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How to Brew Mediterranean Coffee

Turkish, Greek, or Lebanese, it’s our cup of joy!

Some call it Turkish, some refer to it as Greek, others argue that it’s Lebanese but history attests to Yamen as the place where this finely ground, almost powder-like coffee originated thousands of years ago before making its way through the Mediterranean regions. We call it divine with no argument there. If you have a love for coffee and haven’t tried this soothing yet strong coffee, make sure you add Mediterranean coffee to your bucket list. Not a coffee lover? Check out these 11 coffee health benefits.

How to Make Mediterranean Coffee

Growing up, I remember my dad making coffee at home. He never stirred the ground coffee though. He would add it to the boiling water and, very patiently, would let it sink in all on its own over low to medium heat. That was just his way. Also, some purposely leave at the top a bit of foam, referred to as cream. They would pour the coffee in their cups and then scoop out some of that cream and add it to their cups. If you don’t like the cream, you need to brew the coffee longer until all the bubbles practically vanish.

Also, both my parents liked their coffee with no sugar.

If they were ever sharing it with a guest that prefers it a little sweet, they would still just make one pot and add the sugar in the cup and stir. Never in the pot. Even if you normally take sugar with your Tim Horton’s or Starbucks coffee, try this one with no sugar. You might be in for a sweet surprise.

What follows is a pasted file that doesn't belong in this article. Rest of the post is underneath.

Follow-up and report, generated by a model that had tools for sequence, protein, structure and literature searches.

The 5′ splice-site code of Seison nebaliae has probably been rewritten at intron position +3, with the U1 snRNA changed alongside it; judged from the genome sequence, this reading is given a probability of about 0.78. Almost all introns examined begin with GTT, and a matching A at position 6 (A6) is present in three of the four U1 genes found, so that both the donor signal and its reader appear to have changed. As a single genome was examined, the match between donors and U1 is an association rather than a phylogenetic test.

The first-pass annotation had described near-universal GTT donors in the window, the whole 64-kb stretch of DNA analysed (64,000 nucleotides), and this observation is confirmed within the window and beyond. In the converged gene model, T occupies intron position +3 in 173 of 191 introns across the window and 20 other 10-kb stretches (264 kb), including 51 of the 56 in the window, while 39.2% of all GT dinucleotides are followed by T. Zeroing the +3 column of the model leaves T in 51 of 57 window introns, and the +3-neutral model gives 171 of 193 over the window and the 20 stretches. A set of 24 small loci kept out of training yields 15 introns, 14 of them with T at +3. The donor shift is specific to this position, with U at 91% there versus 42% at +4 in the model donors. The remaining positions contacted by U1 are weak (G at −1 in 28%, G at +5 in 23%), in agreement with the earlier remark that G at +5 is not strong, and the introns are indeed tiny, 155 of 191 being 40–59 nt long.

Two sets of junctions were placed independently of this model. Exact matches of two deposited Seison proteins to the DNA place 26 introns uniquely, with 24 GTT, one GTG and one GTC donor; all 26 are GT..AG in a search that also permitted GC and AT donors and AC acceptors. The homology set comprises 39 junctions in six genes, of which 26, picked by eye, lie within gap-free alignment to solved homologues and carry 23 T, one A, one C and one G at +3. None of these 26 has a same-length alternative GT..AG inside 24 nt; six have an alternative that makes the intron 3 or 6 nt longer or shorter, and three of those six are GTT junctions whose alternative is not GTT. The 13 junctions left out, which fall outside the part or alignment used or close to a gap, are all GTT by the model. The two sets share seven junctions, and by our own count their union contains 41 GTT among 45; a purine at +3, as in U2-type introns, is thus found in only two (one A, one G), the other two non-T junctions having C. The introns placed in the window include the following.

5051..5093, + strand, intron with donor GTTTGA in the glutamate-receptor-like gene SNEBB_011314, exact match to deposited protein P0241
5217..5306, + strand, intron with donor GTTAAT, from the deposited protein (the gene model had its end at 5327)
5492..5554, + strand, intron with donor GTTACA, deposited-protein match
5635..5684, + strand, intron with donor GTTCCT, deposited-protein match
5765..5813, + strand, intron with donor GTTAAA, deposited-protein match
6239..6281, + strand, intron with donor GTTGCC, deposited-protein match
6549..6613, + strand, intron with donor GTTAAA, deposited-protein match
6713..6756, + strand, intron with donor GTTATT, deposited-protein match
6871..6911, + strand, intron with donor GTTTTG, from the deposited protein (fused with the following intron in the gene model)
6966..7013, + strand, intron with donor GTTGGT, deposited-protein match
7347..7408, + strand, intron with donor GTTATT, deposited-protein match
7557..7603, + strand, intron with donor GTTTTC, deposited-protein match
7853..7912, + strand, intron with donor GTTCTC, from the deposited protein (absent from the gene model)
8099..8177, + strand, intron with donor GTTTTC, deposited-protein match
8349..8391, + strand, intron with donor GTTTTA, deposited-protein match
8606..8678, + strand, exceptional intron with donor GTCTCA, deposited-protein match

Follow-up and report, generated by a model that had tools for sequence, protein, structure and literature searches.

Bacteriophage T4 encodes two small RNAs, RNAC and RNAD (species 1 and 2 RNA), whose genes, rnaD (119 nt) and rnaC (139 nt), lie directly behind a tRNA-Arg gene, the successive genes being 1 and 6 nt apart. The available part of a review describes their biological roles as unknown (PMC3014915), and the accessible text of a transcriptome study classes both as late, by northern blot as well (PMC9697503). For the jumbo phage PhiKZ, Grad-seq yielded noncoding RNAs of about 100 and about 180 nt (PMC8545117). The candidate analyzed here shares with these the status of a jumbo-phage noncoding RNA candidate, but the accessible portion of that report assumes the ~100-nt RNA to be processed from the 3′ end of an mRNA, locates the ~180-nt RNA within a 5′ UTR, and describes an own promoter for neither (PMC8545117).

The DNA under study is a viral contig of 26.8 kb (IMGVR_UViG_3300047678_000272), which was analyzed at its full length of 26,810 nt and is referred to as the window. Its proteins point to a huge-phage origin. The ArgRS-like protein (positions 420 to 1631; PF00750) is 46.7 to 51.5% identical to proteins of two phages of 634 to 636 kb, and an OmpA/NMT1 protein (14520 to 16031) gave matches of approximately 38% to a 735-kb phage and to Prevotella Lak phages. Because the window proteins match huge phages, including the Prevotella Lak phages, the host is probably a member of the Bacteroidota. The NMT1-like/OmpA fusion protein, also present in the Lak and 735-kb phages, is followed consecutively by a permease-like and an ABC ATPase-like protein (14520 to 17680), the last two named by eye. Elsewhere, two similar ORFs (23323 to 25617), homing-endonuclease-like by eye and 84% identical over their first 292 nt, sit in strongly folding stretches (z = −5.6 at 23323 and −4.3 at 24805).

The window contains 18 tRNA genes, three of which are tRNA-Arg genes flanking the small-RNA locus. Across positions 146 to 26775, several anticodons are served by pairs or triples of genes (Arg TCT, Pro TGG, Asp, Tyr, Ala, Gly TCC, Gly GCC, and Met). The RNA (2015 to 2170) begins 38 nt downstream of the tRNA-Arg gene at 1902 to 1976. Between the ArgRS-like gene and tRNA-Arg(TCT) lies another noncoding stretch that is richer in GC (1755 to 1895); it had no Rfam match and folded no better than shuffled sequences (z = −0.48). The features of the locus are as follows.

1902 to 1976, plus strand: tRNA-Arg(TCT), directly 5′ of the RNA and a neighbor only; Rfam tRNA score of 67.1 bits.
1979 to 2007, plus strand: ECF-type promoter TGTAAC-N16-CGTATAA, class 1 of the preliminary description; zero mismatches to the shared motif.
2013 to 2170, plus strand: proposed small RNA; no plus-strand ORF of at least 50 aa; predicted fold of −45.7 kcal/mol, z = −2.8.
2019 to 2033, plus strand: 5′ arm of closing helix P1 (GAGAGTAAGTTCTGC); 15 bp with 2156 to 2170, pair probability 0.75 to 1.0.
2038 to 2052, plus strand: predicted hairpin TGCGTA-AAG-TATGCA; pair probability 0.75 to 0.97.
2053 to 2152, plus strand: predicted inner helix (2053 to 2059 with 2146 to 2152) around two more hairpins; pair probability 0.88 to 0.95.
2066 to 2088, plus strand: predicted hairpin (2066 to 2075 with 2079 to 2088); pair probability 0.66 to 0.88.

Where to Buy Middle Eastern Coffee

Specialty Lebanese, Turkish and Greek stores typically carry Mediterranean coffee, each referring to it as their own. At Mid-East, we offer pre-packaged ground coffee or freshly ground, to your taste. We carry a variety of options and flavors. For instance, the Mediterranean selection includes Arabic black or brown and a house blend, both with or without hail. We also carry Greek and Turkish (pre-ground only), both of which are quite similar in taste and texture. Our customers tend to prefer an even blend of half black and half brown Arabica or Columbian coffees to make their perfect cup, with the most popular being simply black Arabica.

The options may seem daunting for something that’s unfamiliar. If you’re not sure what to buy, ask our staff member behind the coffee bar for help and get a blend you’re sure to love. If you’re in the mood for something different, ask about our South American selection and the various flavors we carry, like pralines and cream.

Tools for Making Mediterranean Coffee

Unlike Canadian coffee, Mediterranean coffee does not require a coffee maker or any type of machine to brew. It is brewed on the stove top over medium heat once the water boils. To brew, use a traditional coffee pot.

As the video shows, you need to let the coffee rest for a couple of minutes once you turn the heat off. And while it rests, make sure to cover it with a saucer or choose a pot sold with a lid. Either way works.

To serve the coffee, you need a set of coffee cups, also called demi-tasse. You could use your espresso cups if you already have some but those tend to be larger than the traditional Mediterranean cups. Just don’t fill them up all the way. You may certainly have a refill or a few, as one cup of Mediterranean coffee contains 50 mg of caffeine. According to the Coffee & Health Organization, a safe amount of caffeine in a day is around 400 mgs. You do the math!

Typically, the cups with saucers are considered formal and are used accordingly. Cups we use daily are about the same size as the formal cups but don’t always come with saucers or even a handle and are shaped differently. Both are sold in a set of 6 with or without the saucers. Here’s a look at all that you need:

  1. Daily Cups

  2. Formal Cups

  3. Coffee Pots

At Mid-East, you can find these items with the international houseware section where we also carry natural remedies and natural beauty products.

Brew, sip and enjoy. Pair it with Turkish delight for the extreme Mediterranean experience!


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